And yes, I’m setting up my room quite nicely – I like it a lot! πŸ™‚
      Erin

      April 7, 2010 at 4:12 pm

  2. Adam

    that’s interesting. I like that. also I thought I’d mention that your blog shows up really nicely on the iPhone. commenting with it right now.

    April 7, 2010 at 8:36 pm

  3. Tim

    Hey Erin,

    Interesting post!
    It sounds to me like the borehole pump water is undesirable on account of it’s hardness:
    http://en.wikipedia.org/wiki/Hard_water

    Maybe you could check if it is ‘Temporary’ or ‘Permanent’ hard water. In any case, I’m not sure if there is a simple water softening technique that is possible to implement without consuming lots of chemical or energy resources.

    Good luck & keep the updates coming!

    April 8, 2010 at 3:13 pm

  4. Josh

    Hey Erin!

    Great post. Seems like you’re starting to hit your stride and find a place that can be yours. I’m really interested in the water issue. If the water seems dirty are there a number of people that get sick or have waterbourne diseases? What is the latrine / sanitation situation like? I remember hearing that Ghana has a pretty poor track record for their lack of latrines.

    Many questions to ask, but I’ll stop here!

    Much love and good luck!

    J

    April 8, 2010 at 4:17 pm

    • Hey Josh!
      Thanks for the comment and questions. I’m still trying to figure out how many people get sick as a result of the water. People get “colds” all the time, get all snotty and have bad coughs, but I’m not sure if I can attribute that to the water. And since I don’t follow them to do their business, I don’t know if they have diarrhea… and you’re right about sanitation: it’s generally abysmal in Ghana. Most villages just “free-range”, ie. shit in the bush. And people urinate in the same place that they bath, which is in their compounds, meaning it flows out a little hole and makes a pool of piss and water for the goats to come and drink from, right outside each compound. Yuck! There is a latrine that was built outside the health centre where I’m staying, but I think I’m the only one that uses it – not sure why people would prefer the bush, this is a new latrine and doesn’t even smell! But there’s no education about hygiene and sanitation, so people just continue to drink bad water and go to the bush. We need some CLTS here!!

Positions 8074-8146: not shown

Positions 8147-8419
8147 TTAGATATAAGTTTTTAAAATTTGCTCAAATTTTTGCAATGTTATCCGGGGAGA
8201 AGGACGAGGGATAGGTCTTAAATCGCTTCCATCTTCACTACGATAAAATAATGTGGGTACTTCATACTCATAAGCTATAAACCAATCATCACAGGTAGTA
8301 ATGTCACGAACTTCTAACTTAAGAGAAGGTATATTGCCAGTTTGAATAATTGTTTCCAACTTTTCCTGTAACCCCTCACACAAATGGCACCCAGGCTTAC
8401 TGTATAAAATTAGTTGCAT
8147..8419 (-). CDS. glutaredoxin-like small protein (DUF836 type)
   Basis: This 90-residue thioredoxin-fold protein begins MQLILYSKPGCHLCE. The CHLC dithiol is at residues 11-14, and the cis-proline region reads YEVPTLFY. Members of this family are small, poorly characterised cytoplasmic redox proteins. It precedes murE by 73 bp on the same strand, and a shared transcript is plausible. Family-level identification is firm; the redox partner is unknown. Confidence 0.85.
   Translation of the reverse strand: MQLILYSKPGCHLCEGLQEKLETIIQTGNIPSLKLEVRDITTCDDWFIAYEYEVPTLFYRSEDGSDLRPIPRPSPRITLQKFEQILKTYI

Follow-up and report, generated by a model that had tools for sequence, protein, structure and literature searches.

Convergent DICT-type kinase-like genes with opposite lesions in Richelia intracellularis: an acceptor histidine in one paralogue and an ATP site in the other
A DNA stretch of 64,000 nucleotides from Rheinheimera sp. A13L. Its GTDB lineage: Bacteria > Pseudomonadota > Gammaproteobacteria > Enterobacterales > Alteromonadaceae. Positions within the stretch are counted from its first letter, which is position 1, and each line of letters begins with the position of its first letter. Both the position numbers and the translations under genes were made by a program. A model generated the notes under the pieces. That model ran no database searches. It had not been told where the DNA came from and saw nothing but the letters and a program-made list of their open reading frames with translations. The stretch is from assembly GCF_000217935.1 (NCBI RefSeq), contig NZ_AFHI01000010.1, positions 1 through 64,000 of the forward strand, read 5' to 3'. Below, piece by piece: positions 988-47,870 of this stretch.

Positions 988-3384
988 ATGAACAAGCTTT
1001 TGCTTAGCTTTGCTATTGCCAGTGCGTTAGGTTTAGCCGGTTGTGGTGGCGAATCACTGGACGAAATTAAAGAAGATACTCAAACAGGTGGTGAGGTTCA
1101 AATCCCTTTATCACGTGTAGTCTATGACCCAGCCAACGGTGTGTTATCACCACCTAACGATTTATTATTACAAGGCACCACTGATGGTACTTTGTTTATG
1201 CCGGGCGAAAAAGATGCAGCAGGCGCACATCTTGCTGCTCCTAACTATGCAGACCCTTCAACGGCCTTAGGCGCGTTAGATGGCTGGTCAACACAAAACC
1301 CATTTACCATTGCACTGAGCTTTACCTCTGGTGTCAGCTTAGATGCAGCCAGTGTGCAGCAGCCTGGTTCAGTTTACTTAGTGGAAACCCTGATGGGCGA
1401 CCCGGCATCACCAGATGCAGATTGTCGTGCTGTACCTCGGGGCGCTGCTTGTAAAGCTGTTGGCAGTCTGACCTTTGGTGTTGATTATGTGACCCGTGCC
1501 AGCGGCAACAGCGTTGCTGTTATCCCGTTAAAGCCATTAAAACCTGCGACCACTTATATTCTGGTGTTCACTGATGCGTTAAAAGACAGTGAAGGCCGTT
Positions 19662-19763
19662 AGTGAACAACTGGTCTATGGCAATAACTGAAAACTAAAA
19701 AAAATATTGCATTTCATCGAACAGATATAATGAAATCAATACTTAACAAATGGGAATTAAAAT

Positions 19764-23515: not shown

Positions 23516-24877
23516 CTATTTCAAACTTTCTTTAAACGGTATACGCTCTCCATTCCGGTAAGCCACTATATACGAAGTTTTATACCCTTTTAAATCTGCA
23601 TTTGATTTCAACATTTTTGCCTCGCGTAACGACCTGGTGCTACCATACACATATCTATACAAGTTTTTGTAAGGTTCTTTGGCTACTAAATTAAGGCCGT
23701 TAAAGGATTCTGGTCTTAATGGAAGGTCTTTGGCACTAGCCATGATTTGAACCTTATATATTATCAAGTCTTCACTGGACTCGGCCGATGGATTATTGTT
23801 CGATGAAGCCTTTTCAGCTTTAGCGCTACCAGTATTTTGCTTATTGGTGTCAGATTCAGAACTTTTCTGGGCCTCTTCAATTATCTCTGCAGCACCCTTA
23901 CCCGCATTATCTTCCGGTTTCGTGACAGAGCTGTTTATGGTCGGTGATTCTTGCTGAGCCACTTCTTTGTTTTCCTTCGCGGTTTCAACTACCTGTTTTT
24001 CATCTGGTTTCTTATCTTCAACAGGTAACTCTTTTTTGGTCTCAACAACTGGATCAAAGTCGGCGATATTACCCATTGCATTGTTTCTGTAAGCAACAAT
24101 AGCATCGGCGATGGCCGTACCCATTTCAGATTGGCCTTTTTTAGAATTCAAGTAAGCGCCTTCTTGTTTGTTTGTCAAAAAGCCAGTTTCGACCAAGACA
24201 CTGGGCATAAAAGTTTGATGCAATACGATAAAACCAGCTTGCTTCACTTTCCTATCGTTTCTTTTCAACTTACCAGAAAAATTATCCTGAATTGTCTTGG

Anyway, yes, frustrating answers. Keep the questions coming though!
      Erin

      April 12, 2010 at 12:02 pm

  5. Olivia

    Hey Erin!

    It looks like you have a great home set up there πŸ™‚ Thanks for posting all those photos. I’m looking forward to hearing about your work with MoFA!

    Take care,
    liv

    April 12, 2010 at 1:58 am

  6. It is not in all cases that clear water = clean water
    http://obibinibruni.org/

    May 7, 2017 at 9:32 pm